Writing on the Wall. Look at the signs at the polling place for directions on how to mark your ballot, a list of your voting rights, and instructions for filing a complaint if your rights have been violated. Among other things, information regarding what constitutes a spoiled ballot and instructions for securing a new ballot should be provided. If you make a mistake on a ballot, you can ask for another.
When in Doubt - Ask. Poll workers are there to help you. They'll show you how to mark your ballot and give you a challenged ballot if you need one. If you're at the wrong polling place, they should tell you how to get to the right one. Poll workers are a wealth of information for voters. And you won't be alone - this year promises to bring out more first-time voters than ever before. You won't be the only one with questions.
In and Out. You probably won't have to wait too long. But even if the line is long, don't leave without voting. The outcome of this election will be important!
Avoid the Crowds. Many voters feel they don't have time to vote, and that's why they haven't participated in the past. If you can, go to the polls during the off hours: 10 a.m. - 11:30 a.m. and 1:30 p.m. - 3:30 p.m. Or you can vote at home! Absentee voting is anonymous and convenient. You can get an absentee ballot by phone, by mail, or in person from your Town Clerk.
Still have a problem? Voters with questions and concerns can call the toll free election protection hotline, 1-866-OUR-VOTE. The Election Protection voter empowerment program is a coordinated nonpartisan effort to address obstructions of voting rights. Questions can also be directed to the State's Elections Division in Augusta at 624-7650.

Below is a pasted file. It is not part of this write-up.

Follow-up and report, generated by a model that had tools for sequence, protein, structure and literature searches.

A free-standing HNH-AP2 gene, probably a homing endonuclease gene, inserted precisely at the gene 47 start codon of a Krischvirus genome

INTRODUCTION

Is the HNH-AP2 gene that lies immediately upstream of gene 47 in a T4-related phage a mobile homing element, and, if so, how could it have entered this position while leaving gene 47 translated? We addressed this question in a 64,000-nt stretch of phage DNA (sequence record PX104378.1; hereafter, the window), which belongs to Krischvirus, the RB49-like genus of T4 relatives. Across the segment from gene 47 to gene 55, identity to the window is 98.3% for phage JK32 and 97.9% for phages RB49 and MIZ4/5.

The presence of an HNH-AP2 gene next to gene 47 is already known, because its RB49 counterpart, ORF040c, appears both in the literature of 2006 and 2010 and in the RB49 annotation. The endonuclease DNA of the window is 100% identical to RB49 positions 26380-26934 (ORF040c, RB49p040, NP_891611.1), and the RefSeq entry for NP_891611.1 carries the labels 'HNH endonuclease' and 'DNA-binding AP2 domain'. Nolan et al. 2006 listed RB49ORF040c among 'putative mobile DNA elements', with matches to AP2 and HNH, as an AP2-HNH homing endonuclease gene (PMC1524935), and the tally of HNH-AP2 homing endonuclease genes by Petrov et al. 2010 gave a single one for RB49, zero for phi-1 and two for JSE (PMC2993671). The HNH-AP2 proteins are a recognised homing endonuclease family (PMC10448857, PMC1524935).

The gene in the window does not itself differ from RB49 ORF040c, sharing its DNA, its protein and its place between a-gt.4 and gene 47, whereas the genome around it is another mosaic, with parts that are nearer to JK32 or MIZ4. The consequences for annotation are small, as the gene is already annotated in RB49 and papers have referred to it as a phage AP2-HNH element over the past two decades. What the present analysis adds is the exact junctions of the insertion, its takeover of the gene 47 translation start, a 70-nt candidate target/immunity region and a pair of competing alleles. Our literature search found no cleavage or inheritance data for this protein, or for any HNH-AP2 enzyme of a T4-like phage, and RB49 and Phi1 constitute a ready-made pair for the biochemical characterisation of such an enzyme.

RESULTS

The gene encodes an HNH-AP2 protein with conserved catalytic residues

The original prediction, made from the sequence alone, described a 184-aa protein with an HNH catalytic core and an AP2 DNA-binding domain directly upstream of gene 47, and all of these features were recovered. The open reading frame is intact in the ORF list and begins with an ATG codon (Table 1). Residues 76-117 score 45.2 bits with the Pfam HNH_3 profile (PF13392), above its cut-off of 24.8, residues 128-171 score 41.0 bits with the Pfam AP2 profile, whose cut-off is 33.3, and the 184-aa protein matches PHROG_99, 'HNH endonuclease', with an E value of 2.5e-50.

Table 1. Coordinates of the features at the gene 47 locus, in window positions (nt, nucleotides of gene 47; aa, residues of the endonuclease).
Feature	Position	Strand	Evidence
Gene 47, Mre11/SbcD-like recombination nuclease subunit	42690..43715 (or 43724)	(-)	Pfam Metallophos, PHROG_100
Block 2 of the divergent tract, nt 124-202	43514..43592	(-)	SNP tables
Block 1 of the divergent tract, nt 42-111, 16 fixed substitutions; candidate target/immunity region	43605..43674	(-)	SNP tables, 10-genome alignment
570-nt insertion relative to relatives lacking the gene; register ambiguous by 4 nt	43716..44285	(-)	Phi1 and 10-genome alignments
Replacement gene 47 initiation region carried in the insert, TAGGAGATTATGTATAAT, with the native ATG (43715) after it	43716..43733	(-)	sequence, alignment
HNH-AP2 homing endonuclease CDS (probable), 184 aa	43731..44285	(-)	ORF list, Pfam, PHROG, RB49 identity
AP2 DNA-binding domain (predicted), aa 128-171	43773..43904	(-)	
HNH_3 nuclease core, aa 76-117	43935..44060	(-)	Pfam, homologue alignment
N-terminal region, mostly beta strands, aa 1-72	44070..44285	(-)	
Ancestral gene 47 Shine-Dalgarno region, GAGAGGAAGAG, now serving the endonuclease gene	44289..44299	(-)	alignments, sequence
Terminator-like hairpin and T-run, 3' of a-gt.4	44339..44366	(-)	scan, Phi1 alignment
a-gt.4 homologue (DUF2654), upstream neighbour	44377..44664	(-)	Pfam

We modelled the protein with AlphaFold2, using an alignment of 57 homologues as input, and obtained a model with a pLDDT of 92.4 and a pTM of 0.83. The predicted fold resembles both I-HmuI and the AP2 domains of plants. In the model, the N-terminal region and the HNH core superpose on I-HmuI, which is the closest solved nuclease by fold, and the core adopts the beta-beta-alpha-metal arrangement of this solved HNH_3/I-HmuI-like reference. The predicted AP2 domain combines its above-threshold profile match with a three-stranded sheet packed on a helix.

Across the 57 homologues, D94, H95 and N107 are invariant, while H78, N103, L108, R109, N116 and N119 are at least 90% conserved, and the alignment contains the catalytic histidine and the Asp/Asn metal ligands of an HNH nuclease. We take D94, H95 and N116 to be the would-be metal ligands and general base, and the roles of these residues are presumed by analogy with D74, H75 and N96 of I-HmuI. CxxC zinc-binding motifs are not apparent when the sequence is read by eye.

Don't think you know enough about the issues? Go online. Internet resources are available at most public libraries, and there is a wealth of information online. Keep an eye on the League of Women Voter's website for more on the candidates and the issues. Voters can find information on ballot initiatives, links to other informative web sites, information on how to find their polling place, candidates in their new electoral districts and much more.
Voters do not need to be enrolled in a party to vote in a general election, on any statewide ballot question, or in a municipal election. Voters must be enrolled in a party to vote in that party's primary election or caucus.
Voters who have already registered but have not enrolled in a party may enroll in a party at the polls on Election Day. Any voter who wishes to change party enrollment must do so at least 15 days before they vote.
A voter may change party enrollment at anytime after 3 months from the date on which the voter last enrolled.
Use the procedure for updating your voter registration to enroll in a party or change your party enrollment.
Primary elections will change starting in 2024:
In 2022, the semi-open primaries (LD 231) bill became law. This means that unenrolled voters will be permitted to cast one ballot in the primary of their choice. Republicans will not be able to vote in Democratic primaries, and Democrats will not be able to vote in Republican primaries. Semi-open primaries will take effect January 1, 2024.